14 Dec 2006

SEAL - Social and Emotional Aspects of Learning

The SEAL guidance contains this:

"Most primary schools and settings are clearly doing much to promote social and emotional learning already as a key aspect of their school or setting culture. They may do this through the whole-school environment, the Foundation Stage personal, social and emotional area of learning and the Key Stages 1 and 2 PSHE/Citizenship curriculum,1 their approach to spiritual, moral, social and cultural development, the framework of the National Healthy School Standard (NHSS), or through the opportunities they provide for art, music and drama. Or they may be promoting children’s development through other initiatives such as circle time, self-esteem approaches, peer mediation, and commercially available schemes that specifically teach social, emotional and behavioural skills. In addition many schools and settings provide extra support for children whose behavioural, social or emotional development is of concern."

So it's Ok for children to learn "spiritual, moral, social and cultural development", but if politicians mention it in the context of single mothers, cohabiting couples, or any other adult group shown by research to be more likely to be associated with poor outcomes than married couples, is it simply a case of 'nanny state' interfering? What's wrong with giving adults the chance to engage in "spiritual, moral, social and cultural development" if they missed out at home or at school?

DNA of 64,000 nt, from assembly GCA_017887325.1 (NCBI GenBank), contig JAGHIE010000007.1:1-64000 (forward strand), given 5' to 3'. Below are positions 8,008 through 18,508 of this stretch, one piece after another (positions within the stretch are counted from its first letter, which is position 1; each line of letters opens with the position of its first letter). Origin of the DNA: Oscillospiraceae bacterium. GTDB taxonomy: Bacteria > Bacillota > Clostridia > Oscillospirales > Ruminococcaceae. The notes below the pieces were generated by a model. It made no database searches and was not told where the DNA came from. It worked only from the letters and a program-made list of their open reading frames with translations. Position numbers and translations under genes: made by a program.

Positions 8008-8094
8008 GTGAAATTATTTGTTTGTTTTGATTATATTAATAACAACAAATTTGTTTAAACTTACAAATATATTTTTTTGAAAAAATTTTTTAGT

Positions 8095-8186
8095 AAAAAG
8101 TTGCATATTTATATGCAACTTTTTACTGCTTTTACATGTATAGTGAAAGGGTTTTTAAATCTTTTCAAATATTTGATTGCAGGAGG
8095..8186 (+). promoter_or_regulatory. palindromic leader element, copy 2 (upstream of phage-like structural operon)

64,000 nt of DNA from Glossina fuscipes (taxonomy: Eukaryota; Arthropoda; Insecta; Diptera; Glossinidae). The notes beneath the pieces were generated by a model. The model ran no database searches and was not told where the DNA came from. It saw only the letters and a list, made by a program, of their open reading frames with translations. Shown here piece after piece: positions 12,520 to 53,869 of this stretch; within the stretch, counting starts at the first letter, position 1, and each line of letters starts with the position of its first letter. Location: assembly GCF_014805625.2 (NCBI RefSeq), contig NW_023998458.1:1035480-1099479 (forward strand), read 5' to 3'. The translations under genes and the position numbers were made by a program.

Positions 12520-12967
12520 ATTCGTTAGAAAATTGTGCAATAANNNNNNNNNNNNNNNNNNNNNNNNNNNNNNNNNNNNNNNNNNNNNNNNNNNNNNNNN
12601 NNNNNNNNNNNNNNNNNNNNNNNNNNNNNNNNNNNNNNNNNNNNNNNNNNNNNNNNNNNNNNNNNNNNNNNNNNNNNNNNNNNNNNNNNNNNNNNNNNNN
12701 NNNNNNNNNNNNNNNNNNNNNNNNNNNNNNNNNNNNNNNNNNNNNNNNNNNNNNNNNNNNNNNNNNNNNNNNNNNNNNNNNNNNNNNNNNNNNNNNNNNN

"The development of skills such as being able to defer gratification, take responsibility for one’s own actions, understand and deal with peer pressure, act assertively, feel positive about oneself and manage an increasingly complex range of feelings......"

Can the development of these 'skills' - what about 'values'? - be explored with adults who wish to learn about them without journalists and politicians pontificating about retrograde steps to Victorian values? There is much humbug in the supposition that what children are expected to learn should not also be understood by adults.

1 comment:

Ben Trovato said...

Interesting stuff! The fact that the government and all public agencies shy away from anything that might be presented as 'stigmatising' adults who indulge in behaviour or lifestyles likely to harm their children is a real concern. It rather gives the lie to their education attempts too - as they will not actually teach any morality, merely 'values clarification.' Dr. William Coulson used to be the no 2 to Carl Rogers who was at the vanguard of all this stuff. Coulson subsequently recanted and spent much of his time warning parents about the psychological and moral dangers of modern Sex Ed Programmes. Worth a look.